When George W. Bush was considering making a run for president in 1998, then-Texas A&M University student Chris Gober snagged a job as an intern for Bush’s exploratory committee. It marked the beginning of his fascination with politics.

"Politics is my passion," Gober says. "I have just been fortunate to make a career out of my interests and my passions."

Gober worked on Bush’s campaigns in 2000 and 2004, finding time to go to law school in between the two campaigns. After taking his last exam at Harvard Law School in 2004, he flew to Texas to pick up a car and drove to Missouri to work for Bush’s re-election, he says.

His first job as a lawyer came at the beginning of Bush’s second term. In 2005, Gober received a political appointment as counsel in the U.S. Department of Justice Office of Legal Policy, where he says he was involved in the reauthorization of the USA PATRIOT Act and served on the judicial nominations unit during the confirmation of U.S. Supreme Court Chief Justice John G. Roberts Jr. and Justice Samuel Alito.

After his stint at the DOJ, he wanted to be a federal prosecutor, but no positions were open, Gober says. So, in March 2006, he became deputy general counsel for the Republican National Committee, moving on to become general counsel of the National Republican Senatorial Committee in January 2007. He says that, during that time, he discovered what would become his practice area: political law.

Gober says that in January 2009, he returned to Texas to join Fish & Richardson in Dallas as of counsel and head of the firm’s political law section. He left Fish in 2011 to join Michael Hilgers in founding Gober Hilgers in Dallas, he says, and has represented numerous U.S. senators, representatives and multibillion dollar companies in litigation and in federal and congressional investigations.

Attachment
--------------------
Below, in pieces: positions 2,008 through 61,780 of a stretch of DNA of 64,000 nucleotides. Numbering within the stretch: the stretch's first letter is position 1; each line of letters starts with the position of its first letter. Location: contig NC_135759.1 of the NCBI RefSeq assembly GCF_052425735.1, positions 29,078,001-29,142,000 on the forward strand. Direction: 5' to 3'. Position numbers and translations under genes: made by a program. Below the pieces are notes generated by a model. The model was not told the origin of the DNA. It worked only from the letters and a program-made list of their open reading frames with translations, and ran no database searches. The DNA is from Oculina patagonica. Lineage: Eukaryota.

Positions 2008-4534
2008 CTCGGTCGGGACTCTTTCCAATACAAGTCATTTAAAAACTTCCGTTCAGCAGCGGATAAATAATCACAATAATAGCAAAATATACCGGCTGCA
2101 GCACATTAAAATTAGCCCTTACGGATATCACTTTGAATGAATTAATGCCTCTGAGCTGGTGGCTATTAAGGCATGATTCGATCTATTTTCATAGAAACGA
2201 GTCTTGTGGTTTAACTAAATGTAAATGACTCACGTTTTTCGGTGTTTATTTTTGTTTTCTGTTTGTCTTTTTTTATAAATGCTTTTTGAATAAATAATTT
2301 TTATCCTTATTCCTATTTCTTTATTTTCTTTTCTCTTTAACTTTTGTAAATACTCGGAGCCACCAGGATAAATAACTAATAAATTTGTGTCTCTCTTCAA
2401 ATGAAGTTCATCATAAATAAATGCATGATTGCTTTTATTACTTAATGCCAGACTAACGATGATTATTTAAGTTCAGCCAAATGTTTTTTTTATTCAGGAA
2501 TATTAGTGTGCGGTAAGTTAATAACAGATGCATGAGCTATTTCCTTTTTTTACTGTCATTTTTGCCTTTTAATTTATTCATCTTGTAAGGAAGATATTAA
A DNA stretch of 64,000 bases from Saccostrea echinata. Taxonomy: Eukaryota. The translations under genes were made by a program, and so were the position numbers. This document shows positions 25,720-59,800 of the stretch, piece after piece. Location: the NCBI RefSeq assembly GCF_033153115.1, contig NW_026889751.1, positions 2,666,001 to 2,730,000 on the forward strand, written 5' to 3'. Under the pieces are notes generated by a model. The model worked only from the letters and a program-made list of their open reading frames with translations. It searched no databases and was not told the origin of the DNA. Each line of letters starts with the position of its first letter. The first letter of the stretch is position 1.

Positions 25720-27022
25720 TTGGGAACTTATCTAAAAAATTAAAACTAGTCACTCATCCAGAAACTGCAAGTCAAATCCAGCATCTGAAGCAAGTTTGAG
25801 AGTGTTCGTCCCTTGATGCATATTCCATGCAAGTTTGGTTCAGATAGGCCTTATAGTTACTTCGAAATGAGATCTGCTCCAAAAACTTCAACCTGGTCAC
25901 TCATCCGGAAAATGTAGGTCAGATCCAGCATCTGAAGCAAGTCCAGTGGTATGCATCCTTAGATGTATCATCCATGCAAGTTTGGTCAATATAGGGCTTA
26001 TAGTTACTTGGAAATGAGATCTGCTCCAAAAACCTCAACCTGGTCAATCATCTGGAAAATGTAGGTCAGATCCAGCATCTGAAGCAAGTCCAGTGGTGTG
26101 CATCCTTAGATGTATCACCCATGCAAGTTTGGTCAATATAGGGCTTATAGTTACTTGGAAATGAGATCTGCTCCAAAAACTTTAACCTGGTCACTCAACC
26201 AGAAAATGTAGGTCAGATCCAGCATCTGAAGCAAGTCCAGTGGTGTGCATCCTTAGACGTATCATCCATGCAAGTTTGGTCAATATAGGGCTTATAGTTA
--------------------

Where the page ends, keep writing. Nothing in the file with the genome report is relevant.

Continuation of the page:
In 2012, Gober began representing a political action committee in a First Amendment suit. It challenged the constitutionality of Texas Election Code provisions prohibiting PACs from accepting corporate political contributions and using them to make direct expenditures benefitting candidates running for state or local offices. The PAC won the first round in Texans for Free Enterprise v. Texas Ethics Commission, et al. on Dec. 6, 2012: U.S. District Judge Lee Yeakel of the Western District of Texas granted a preliminary injunction that prohibits the TEC from enforcing the election code provisions restricting contributions by corporations.

Lewis Sessions, principal in Dallas’ Sessions & Schaffer and Gober’s co-counsel in Texans for Free Enterprise, credits Gober, who argued the case, for the success in obtaining the preliminary injunction.

"I thought Chris did a fabulous job going right to the point key to our prevailing," Sessions says.

The TEC appealed Yeakel’s order, and the case is pending before the 5th U.S. Circuit Court of appeals.